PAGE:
A new report by the Legatum Institute provides a proof of concept for a holistic assessment of the impact of COVID-19 and the Government’s policy responses.
The Legatum Institute is a London-based think-tank which aims to create a global movement of people committed to creating the pathways from poverty to prosperity and the transformation of society.
About the framework
The framework is based on the methodology of the Legatum Prosperity IndexTM, which analyses the drivers of prosperity around the world. It assesses the impacts of COVID-19 across a range of factors including:
- Direct health effects associated with mortality and illness from the virus itself
- Indirect physical and mental health effects associated with changes in health service and care system provision, and behaviour and health impacts that are related to the pandemic but are not caused by the virus itself.
- Economic effects associated with lost economic output, incomes, and productivity.
- Education effects associated with school closures and disruption to the provision of education in other settings.
- Wider impacts that can cover a multitude of areas where the pandemic and people’s responses to it (in terms of chosen or enforced changes in behaviour) lead to impacts on wellbeing.
The framework looks at both short- and long-term impacts. It also presents it’s findings in a way that allows the impacts across these different areas to be considered together.
Impacts of COVID-19 and Government responses to date
Using the Lagatum Institute’s framework to assess the period between 21st March and 4th November 2020, the report identifies a wide range of short- and long-term impacts on people and families across England. These include:
- More than 50,000 people in England had lost their lives to the virus.
- More than 100,000 people could be impacted by ‘long-Covid’.
- The estimated combined loss of economic output over the short- and long-term was valued at £550bn.
- There had been more than 150 days of significant disruptions to schooling, leading to short- and long-term impact on learning and opportunities.
- There had been a 17% increase in average anxiety scores.
- There had been a 5% reduction in average life satisfaction scores.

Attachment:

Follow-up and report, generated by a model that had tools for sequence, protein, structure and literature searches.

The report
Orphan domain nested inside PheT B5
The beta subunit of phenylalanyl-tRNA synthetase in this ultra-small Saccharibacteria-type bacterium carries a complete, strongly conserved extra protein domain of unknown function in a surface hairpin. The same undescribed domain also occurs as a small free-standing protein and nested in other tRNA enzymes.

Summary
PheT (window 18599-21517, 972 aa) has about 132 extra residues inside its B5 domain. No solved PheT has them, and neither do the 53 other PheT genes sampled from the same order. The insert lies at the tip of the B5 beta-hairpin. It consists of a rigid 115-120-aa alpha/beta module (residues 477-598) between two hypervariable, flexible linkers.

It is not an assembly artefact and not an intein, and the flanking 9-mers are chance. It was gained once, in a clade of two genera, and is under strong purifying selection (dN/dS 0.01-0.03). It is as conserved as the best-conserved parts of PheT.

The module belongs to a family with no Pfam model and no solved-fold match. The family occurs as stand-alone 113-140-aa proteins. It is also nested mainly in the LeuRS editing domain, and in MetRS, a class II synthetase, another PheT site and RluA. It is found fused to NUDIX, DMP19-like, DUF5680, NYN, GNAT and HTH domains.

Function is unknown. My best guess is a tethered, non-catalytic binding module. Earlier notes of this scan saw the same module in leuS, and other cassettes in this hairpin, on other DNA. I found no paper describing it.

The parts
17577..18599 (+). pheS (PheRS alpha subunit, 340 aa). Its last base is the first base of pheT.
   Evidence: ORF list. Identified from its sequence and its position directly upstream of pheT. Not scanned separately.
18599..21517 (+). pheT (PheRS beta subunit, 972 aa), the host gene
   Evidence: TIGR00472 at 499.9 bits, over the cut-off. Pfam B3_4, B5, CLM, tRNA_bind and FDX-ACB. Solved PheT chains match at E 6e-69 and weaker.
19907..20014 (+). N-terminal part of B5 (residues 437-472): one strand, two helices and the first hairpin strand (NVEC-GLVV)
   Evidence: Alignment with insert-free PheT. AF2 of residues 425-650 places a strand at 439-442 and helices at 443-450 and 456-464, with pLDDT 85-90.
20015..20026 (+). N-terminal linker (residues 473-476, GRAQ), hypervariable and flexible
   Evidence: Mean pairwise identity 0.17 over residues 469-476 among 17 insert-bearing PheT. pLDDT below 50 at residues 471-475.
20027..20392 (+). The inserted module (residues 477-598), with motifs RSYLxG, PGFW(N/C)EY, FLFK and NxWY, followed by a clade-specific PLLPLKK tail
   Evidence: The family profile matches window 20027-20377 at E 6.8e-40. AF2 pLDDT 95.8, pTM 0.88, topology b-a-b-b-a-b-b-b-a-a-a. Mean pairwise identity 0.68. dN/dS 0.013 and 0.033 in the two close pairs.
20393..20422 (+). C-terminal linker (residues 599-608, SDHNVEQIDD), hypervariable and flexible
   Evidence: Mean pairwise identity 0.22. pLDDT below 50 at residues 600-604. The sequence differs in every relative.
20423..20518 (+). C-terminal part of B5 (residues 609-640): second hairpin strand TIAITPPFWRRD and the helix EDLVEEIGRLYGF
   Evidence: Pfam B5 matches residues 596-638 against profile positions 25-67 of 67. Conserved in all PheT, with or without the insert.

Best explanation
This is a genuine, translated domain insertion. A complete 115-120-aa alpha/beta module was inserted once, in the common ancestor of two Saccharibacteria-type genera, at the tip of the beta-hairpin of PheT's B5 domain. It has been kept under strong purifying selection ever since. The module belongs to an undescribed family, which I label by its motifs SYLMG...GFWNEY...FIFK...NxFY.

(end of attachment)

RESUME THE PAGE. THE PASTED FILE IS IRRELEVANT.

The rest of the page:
Overall, the report finds that the short and long-term impacts on health, the economy, and society between 21st March and 4th November resulted in a hit to wellbeing in England worth close to £800bn, based on the Treasury’s standard conversion factor of £60,000 for one Quality Adjusted Life Year.
Between 5th November and 2nd December, during the English national lockdown, there was an additional hit to wellbeing worth nearly £90bn.
The way forward
CEO of the Legatum Institute, Conservative member of the House of Lords, Baroness Philippa Stroud, said: “COVID-19 has fundamentally impacted all of us; through our health, our relationships, and our livelihoods. As we approach Christmas, we must not forget that many families will be remembering loved ones who have passed during the pandemic”.
“We must also remember that the costs of the pandemic and the Government’s responses to it will have long-term consequences for the health, livelihoods, and wellbeing of individuals and families right across the UK. This means it is essential that policymakers are making decisions with the right tools and information at their disposal to understand the impact of the different options available”.
Dr Stephen Brien, Director of Policy at the Legatum Institute added: “Without the action of Government, there is no doubt that more people would have died as a result of the pandemic this year. However, our report shows that this action to limit the short-term deaths from the virus has come at a cost. Alongside the economic impacts of restrictions on mobility, work, and social mixing, the cost includes the cancellation of other medical procedures, the mental health impacts of social isolation and reduced incomes, and the long-term mortality impacts associated with economic crises and recessions”.
“Although it is hugely challenging, Government policy should look to consider all of these impacts and follow a path that is most likely to lead to the best overall wellbeing outcomes across the UK.
“This report shows that a holistic impact assessment tool can be developed to help policymakers make these incredibly difficult decisions”.
“A tool such as this does not on its own provide the answer to difficult policy questions, but it does provide invaluable input by allowing the range of issues to be considered in a consistent way. It also ensures that assumptions are surfaced and made more transparent – and in doing so it can help broaden the range of options considered”.
A call to action for Government
Dr Brien concluded: “Following the publication of this report we are calling for Government to do three things:
1) to adopt and develop the proof of concept and use it to inform future policymaking with regards to Covid-19;
2) to establish and publish a mobility index, showing the overall level of the public’s movements and social interactions and how these vary in different localities, which can help the public understand how much to reduce their mobility;
3) to use the framework and mobility index, alongside existing information on localised infection rates and hospital capacity, to determine appropriate responses at a local level.”
More detail on the methodology and results from this proof of concept can be found in the main body of the report, which is available on the website: www.li.com/reports/developing-